A changing of the guard, speeches that mentioned Soldiers who are living the Army's warrior ethos, the presentation of a first sergeant award and a sword-smashing cake cutting were highlights of an evening honoring the Army's 234th birthday at the Officers and Civilians Club.

The dinner event, set for June 9 because the actual birthday date of June 14 fell this year on a Sunday, was hosted by the Redstone-Huntsville Chapter of the Association of the U.S. Army.

Pvt. Michael Ortiz of the 832nd Ordnance Battalion won the honors to share the ceremonial cake cutting duty with AMCOM's Command Sgt. Maj. Ricky Yates. At age 17, Ortiz is the youngest Soldier currently assigned to Redstone Arsenal.

"I love the military bearing of the Army," said Ortiz, whose hometown is Queens, N.Y. "I attended the Youth Challenge Academy in New Jersey and my uncle served in the Gulf War, so I knew about the military. I like that it helps you a lot with your life, and helps you get an education."

Ortiz has been at Redstone Arsenal since early April. He is attending the Multiple Launch Rocket System repair course at OMEMS and will complete his training at the end of September. Ortiz hopes to then go on to airborne school.

"My mom's proud," he said. "I definitely plan to make this a career and do my 20 years."

It is the Soldier who makes today's Army great, said Maj. Gen. Jim Myles, commander of the Aviation and Missile Command and Redstone Arsenal.

"The building block of our Army is the Soldiers who are willing to be led by NCOs," he said. "They are the backbone of the Army. They are the reason why we are the best Army on earth."

As the evening's keynote speaker, Myles went on to say that the Army is "the highest and most credible institution. We have something that most industries strive for - credibility. And we've earned this not with just one single event. It's quality actions every day."

He said today's Soldiers exhibit loyalty, integrity, courage and responsibility in fulfilling the warrior ethos.

"We are the best Army because we stand on the shoulders of those Soldiers and families who have come before us. We stand on your shoulders in Iraq and Afghanistan," Myles said to the AUSA audience, many of which are retired military. "We are one force. We've listened to you and taken it to the next level."

Earlier in the day, Myles participated in the military funeral of Staff Sgt. Jeffrey Hall of Huntsville, a Ranger from the 10th Mountain Division who was killed by an improvised explosive device in Afghanistan.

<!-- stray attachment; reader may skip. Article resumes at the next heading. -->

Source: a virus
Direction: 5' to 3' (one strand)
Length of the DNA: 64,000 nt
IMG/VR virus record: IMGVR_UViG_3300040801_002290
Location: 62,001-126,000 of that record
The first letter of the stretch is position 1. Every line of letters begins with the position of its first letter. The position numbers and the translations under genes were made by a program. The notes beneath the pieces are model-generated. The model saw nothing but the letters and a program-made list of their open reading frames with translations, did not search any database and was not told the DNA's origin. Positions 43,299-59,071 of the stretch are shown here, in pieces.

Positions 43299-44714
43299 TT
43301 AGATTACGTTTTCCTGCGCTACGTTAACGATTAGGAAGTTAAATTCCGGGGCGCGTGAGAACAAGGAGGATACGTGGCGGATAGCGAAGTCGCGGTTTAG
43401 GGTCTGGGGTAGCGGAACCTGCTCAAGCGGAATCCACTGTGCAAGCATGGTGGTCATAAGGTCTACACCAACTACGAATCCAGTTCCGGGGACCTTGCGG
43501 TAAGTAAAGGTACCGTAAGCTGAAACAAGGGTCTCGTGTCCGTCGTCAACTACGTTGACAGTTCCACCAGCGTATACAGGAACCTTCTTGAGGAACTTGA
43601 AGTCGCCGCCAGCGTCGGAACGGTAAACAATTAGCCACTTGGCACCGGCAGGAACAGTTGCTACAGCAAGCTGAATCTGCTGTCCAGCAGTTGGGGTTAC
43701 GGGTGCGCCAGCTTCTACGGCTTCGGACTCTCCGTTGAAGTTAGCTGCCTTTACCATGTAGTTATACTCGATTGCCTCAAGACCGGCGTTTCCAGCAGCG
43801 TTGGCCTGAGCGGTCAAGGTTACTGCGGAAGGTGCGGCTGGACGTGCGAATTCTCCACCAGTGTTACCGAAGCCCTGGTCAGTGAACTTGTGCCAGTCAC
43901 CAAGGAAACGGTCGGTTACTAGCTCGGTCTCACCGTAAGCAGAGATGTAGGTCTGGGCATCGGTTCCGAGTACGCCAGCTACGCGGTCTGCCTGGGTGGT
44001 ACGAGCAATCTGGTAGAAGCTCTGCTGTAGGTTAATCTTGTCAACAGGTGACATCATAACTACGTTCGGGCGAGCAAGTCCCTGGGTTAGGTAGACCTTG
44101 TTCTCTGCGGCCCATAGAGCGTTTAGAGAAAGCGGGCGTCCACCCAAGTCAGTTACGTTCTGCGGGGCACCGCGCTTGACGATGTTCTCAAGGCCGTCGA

"We lost a great Soldier. We lost a great person," he said.

Myles also described an emergency room in Balad, Iraq, where he recently witnessed Soldiers lining up and providing more than 200 pints of blood in hopes of saving the life of a medic, Cpl. Charles Parrish of Jasper, whose funeral Myles was also scheduled to attend.

"These Soldiers showed the elements of the warrior ethos," he said about the Soldiers who tried to help Parrish. "They never quit. They stood up and gave their lifeblood ... What goes on in Iraq and Afghanistan and around the world every day is buddies helping buddies, Soldiers helping Soldiers. Soldiers will do anything for anybody around the world to make a difference."

The Army is making a difference for freedom in Iraq and Afghanistan, but also in places like Africa, South America and Latin America, where its forces are involved in nation building. He also mentioned the National Guard, whose troops are responding to Army needs on the homefront and in the international arena.

The active Army, Reserves and National Guard is an Army that "has to be prepared to fight fires and floods and hurricanes while conducting combat operations in Iraq, Afghanistan and around the world," said Myles, who recently returned from visiting military operations in Africa, Italy, Iraq, Afghanistan and Kuwait.

"This is an Army that helps build coalitions and helps enable peace around the world."